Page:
assets derived from illegal activity (including, without limitation, the ownership, nature, source, location, or control of such funds or assets) as part of a plan to violate or evade any Federal law or regulation or to avoid any transaction reporting requirement under Federal law or regulation.
Provide for independent testing to monitor and maintain an adequate AML Program, including testing to determine compliance of the company’s agents and brokers with their obligations under the AML Program. The scope and frequency of the testing must be commensurate with the risks posed by the RMLO’s products and services. Such testing may be conducted by a third party or by any officer or employee of the RMLO, other than the person designated as the BSA officer.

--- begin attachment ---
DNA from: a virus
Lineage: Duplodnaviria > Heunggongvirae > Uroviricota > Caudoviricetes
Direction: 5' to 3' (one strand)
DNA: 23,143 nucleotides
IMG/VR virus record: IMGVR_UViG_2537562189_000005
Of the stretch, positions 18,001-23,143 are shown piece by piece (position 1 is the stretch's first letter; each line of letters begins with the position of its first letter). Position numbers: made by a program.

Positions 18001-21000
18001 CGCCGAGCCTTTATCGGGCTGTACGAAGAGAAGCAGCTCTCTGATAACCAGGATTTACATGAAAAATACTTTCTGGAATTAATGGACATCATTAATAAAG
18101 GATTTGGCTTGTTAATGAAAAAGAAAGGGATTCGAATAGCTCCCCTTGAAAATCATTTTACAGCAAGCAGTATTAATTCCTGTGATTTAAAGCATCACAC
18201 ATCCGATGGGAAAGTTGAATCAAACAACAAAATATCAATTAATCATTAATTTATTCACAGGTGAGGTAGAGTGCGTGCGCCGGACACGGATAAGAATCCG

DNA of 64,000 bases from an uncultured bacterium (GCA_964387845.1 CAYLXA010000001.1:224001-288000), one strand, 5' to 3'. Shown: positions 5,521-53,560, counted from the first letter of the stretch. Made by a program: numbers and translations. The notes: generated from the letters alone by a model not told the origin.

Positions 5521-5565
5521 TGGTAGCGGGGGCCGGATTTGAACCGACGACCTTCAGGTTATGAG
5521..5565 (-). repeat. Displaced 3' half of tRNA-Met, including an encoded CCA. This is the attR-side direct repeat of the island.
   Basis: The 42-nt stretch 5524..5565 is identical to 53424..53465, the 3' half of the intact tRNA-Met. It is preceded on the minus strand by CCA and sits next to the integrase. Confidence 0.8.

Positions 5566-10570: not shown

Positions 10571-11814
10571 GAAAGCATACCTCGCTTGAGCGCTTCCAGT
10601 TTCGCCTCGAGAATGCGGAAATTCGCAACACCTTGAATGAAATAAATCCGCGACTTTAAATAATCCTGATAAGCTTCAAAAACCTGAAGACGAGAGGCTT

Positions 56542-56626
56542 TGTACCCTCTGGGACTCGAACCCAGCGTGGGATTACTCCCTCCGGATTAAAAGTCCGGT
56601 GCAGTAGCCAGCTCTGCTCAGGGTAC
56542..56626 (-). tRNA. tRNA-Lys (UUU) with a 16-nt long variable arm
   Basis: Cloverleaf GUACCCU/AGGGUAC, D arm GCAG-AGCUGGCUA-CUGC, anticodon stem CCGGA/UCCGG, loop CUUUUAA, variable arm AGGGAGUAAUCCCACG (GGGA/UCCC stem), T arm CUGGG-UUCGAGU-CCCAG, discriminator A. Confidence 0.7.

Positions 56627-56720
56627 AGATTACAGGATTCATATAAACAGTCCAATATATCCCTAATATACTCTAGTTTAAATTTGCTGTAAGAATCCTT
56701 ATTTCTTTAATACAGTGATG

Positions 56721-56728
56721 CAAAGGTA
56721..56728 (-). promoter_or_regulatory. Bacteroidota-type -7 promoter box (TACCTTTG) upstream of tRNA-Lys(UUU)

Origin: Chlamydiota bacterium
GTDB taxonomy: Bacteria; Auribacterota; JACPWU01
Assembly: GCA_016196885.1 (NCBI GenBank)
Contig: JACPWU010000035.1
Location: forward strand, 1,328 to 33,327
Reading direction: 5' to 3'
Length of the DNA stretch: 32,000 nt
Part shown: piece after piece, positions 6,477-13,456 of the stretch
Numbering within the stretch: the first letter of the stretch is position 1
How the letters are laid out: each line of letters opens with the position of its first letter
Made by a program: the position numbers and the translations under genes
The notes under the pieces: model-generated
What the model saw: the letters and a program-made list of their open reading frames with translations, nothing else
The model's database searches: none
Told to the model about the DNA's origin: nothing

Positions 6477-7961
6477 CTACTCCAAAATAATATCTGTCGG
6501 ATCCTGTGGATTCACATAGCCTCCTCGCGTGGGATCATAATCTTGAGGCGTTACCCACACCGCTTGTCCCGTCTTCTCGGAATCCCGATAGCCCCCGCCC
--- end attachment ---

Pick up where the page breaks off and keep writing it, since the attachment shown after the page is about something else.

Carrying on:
Filing the SAR Commencing with the compliance date of Aug. 13, 2012, every RMLO is required to file a SAR with FinCEN, pursuant to the FinCEN’s rule. An RMLO may also file a SAR that it believes is relevant to the possible violation of any law or regulation, but whose reporting is not actually required. The AML Program should provide clear and unambiguous procedures to identify such instances. A transaction30 requires reporting if it is conducted or attempted by, at, or through an RMLO, it involves or aggregates funds or other assets of at least $5,000, and the RMLO knows, suspects, or has reason to suspect that the transaction (or a pattern of transactions of which the transaction is a part): 1. Involves funds derived from illegal activity or is intended or conducted in order to hide or disguise funds or